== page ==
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July 31, 2006

Matt Cutts Goes Web 2.0

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Matt Cutts went all Ze Frank on us this weekend (though Matt blinks) and uploaded some great information videos over at Google Video. While the backdrop makes it look like Matt has either been kidnapped by some disgruntled spammers or he’s hiding out in a cave until Google’s SERPs equalize, the bite-size videos are chock full of expert information.

For his first time at bat, Matt uploaded three sessions, not including his disclaimer: Qualities of a Good Site, Some SEO Myths and Optimize for Search Engines or Users? Each session highlights three or four user-submitted questions. Below is our favorite question from each session.

Session One: Qualities Of A Good Site

What are some general guidelines and recommendations for people who want to increase visibility on Google?

While this is a massive question, Matt was able to focus his answer on three key points:

  • Site must be crawl-able — The number one mistake site designers make is that they create sites that are not crawl-able. Matt advises “go[ing] back to 1994″. Get those Google Time Machine thoughts out of your head, he’s talking about using a text browser to view your site. This will allow you to see your site the way the engines see it. If you get stuck, there’s a pretty good chance they’ll get stuck too. If you don’t, neither will the spiders.
  • Create excellent content – This shouldn’t come as any great surprise. Sites need to have excellent and unique content. You must give users a reason to link to you. Do that and you will be rewarded with equally great rankings and conversions.
  • Find your hook – This is the marketing/ optimizing phase. Matt advises thinking about the people really relevant to your niche and making sure they know about you. What sets you apart from you competition? Find out and capitalize on it. That’s your hook.

Session Two: Some SEO Myths

Can you put an end to some myths about having too many sites on the same server or having too many sites with IPs too similar or having them all include the same JavaScript off the different site?

  • Same Server/ Similar IP Issues — Average Webmasters shouldn’t be overly worried about this one. If you’re playing by the rules and hosting four or five differently themed sites on the same server, there’s no problem. Google understands that everyone does this. However, if you find yourself running thousands of sites on the same server or running two thousand sites on similar IPs, you should stop and ask yourself why. Is this really necessary? Do you have that much unique content for each of your thousand sites? Probably not. Most likely you know if you’re doing some wrong.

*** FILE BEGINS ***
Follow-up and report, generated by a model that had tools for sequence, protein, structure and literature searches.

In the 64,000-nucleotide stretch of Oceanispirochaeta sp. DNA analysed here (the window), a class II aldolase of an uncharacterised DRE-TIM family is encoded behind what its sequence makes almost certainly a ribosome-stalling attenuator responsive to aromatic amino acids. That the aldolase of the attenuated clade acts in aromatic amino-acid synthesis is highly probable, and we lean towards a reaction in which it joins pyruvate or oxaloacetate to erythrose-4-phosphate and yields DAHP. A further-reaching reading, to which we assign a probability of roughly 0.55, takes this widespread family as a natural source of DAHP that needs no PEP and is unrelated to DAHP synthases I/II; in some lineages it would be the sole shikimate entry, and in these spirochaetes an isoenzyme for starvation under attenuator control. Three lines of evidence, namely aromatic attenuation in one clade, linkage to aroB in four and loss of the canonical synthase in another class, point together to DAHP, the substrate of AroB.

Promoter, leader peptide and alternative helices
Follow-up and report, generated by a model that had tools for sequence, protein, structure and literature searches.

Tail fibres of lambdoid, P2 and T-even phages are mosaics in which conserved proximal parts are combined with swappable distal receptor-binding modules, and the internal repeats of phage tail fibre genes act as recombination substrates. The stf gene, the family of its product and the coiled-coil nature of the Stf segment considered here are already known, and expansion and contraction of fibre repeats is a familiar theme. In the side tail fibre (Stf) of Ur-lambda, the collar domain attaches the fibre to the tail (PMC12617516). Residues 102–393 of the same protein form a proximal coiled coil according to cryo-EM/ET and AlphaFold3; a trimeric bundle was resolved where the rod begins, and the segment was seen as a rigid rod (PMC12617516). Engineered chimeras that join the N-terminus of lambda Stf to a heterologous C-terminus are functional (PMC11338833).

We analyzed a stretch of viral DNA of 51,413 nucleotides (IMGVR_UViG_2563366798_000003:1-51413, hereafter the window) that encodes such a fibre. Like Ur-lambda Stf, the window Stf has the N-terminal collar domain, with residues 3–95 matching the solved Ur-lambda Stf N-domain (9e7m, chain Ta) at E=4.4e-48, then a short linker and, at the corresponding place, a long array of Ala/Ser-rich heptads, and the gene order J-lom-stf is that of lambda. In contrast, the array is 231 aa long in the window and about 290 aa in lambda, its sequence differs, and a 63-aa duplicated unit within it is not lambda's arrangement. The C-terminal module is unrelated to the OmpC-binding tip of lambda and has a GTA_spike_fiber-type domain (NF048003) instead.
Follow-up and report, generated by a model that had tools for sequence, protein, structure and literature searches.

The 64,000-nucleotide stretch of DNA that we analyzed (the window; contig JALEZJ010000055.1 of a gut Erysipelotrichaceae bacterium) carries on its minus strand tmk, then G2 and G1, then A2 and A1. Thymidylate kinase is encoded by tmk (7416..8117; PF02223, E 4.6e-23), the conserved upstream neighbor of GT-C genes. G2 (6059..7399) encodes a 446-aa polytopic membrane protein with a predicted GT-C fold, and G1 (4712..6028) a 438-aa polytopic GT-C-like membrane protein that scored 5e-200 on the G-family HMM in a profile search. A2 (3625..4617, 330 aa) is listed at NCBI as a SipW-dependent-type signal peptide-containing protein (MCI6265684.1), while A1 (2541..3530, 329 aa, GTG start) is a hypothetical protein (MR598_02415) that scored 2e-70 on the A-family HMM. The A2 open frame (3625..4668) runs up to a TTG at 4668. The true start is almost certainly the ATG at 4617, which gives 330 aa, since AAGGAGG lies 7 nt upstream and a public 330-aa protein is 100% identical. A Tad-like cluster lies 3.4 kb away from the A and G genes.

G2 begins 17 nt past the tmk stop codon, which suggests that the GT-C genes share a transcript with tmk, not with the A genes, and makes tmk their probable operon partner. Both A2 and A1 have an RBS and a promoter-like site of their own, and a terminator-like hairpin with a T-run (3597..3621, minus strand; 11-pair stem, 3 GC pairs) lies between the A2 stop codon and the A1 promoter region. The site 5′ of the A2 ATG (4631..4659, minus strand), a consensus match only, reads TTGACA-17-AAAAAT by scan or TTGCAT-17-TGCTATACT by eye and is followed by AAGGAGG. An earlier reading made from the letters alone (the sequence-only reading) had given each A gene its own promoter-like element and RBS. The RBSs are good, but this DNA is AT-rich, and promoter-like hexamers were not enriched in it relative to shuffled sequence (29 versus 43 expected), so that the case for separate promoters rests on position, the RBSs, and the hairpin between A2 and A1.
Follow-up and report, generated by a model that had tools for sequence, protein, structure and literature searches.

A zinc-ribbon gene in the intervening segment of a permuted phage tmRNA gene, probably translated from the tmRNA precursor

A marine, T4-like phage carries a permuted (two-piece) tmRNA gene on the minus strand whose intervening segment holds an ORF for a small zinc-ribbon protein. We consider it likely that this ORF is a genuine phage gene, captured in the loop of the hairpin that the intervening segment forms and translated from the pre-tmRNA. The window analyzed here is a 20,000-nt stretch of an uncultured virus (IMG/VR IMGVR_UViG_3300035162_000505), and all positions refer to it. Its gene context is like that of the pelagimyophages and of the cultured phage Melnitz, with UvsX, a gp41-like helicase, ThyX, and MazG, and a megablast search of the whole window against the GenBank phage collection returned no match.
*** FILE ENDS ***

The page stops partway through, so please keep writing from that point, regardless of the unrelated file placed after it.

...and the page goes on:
• Including the same JavaScript – This is another case where you know if you should be worried. If you have an “entirely logical” reason for including the same JavaScript from different sites, you’re fine. If you don’t have a logical reason and you’re just hoping Google won’t discover it, worry a lot.

Session Three: Optimize For Search Engines or Users?

Which do you find more important in developing and maintaining a Web site – Search Engine Optimization or user end optimization?

Yes, it’s the old usability/spider-ability question. We’ve always judged these two as being equally important and Matt agrees. Matt told his viewers, if you don’t have both your site simply won’t do as well. Without SEO, it’s harder for your customers to find you, and without user end optimization, you won’t get the same amount of conversions you would otherwise. The most successful sites will have both.

The trick, according to Matt, is to see SEO and user end optimization as being the same thing. If you construct your site so that the interests of your users are aligned with the interests of the search engines, you’re going to succeed. Like Matt said, you’ll be left with compelling content, an easy-to-navigate site and you won’t be tempted to do any “weird tricks”. Very sage words from Matt.

As you can see, there’s lots of great information in the videos Matt gave us. Hopefully he’ll keep this up. Do we see a weekly series forming? It’s almost like the coming of Google TV. Personally, I think watching the first session where Matt discusses what makes a good site should be a prerequisite for anyone even thinking about creating or optimizing a site. It’s probably the best five and a half minutes you’ll ever spend.
We love the videos, Matt (though a transcript would be helpful…), and we agree that content is more important than appearance, but if your next video features you holding the day’s issue of the LA Times, we’re going to start getting really worried that your life may be in danger. Stay safe out there on the interwebs.

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